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Borges and Bolaño

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JLBorges_and_RBolaño.jpg
In a prior post, I speculated about possible reasons for Roberto Bolaño's propensity to create writer characters whose oeuvres remain opaque to the audience.  By depriving these writer characters of an oeuvre, Bolaño isolates them from the possibility of literary dialogue with other authors and texts.  I conjectured that Bolaño might conceive of such a writer character as a symbol of mortality.

Now, however, I have a new theory.  I think Bolaño's oeuvre-less writers are a tribute to Jorge Luis Borges.

Borges, after all, is the author who (as I highlighted in another prior post) eschewed composing actual novels in favor of imagining them and then commenting on them.  Borges' short stories, moreover, overflow with texts that we don't see (e.g., John of Pannonia's tract against the heresy of the Monotoni in "The Theologians"; Borges' own fantasy tale about the serpent Fafnir in "The Zahir"), and with texts that we don't see completely (e.g., Benjamin Otálora's tale in "The Dead Man"; Christopher Dewey's tale in "The Man on the Threshold").  Without too much mental gymnastics, one could truthfully describe Borges as a novelist who, instead of having an oeuvre, merely has a commentary on his own imaginary oeuvre.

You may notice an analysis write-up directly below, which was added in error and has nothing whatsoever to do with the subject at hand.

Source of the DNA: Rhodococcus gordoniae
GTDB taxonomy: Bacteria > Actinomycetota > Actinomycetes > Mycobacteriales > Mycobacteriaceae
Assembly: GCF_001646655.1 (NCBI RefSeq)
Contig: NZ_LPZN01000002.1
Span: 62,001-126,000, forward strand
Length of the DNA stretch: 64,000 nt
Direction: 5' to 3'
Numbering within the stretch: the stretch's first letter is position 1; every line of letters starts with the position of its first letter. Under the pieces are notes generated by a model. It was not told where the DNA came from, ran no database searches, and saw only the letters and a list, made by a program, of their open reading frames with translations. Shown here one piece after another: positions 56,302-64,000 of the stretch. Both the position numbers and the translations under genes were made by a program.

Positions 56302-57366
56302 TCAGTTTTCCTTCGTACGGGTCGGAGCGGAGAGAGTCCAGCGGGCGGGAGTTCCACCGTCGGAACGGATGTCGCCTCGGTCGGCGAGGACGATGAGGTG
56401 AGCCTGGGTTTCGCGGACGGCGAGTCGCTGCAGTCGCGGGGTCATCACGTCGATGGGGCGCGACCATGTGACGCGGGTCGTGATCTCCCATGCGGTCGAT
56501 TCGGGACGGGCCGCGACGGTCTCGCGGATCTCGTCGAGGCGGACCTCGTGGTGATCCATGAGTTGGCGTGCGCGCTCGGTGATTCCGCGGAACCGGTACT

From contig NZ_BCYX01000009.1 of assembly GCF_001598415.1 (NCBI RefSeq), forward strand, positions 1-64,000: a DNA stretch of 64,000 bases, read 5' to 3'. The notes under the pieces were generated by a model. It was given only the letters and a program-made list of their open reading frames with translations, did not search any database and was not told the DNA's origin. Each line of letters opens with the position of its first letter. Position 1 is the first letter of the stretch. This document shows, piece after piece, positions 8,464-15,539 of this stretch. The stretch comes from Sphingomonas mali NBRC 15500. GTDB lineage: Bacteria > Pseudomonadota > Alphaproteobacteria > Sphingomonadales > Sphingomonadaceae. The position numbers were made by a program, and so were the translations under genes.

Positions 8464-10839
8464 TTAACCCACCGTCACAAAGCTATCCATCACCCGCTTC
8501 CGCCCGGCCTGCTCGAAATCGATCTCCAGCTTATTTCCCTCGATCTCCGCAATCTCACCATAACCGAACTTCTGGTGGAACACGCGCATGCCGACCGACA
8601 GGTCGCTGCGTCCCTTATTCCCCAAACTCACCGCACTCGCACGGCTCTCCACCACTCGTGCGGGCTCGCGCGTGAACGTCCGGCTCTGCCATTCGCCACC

By his own account, Bolaño loved Borges.  In The New York Review of Books, Francisco Goldman quotes Bolaño saying, "I could live under a table reading Borges." 

Knowing of Bolaño's reverence for Borges, and now having read some of Borges' work, I'm inclined to see the protagonist of Bolaño's novel, 2666, the enigmatic writer, Benno von Archimboldi (a/k/a Hans Reiter), as a Borges-like figure.  Like Borges, von Archimboldi is a man with a split identity (see Borges' short story, "Borges and I"); like Borges, von Archimboldi is withdrawn from the world; like Borges, von Archimboldi writes imaginary novels; like Borges, others (especially critics and criminals) see von Archimboldi as a figure of power and redemption; and like Borges, von Archimboldi hasn't won the Nobel Prize.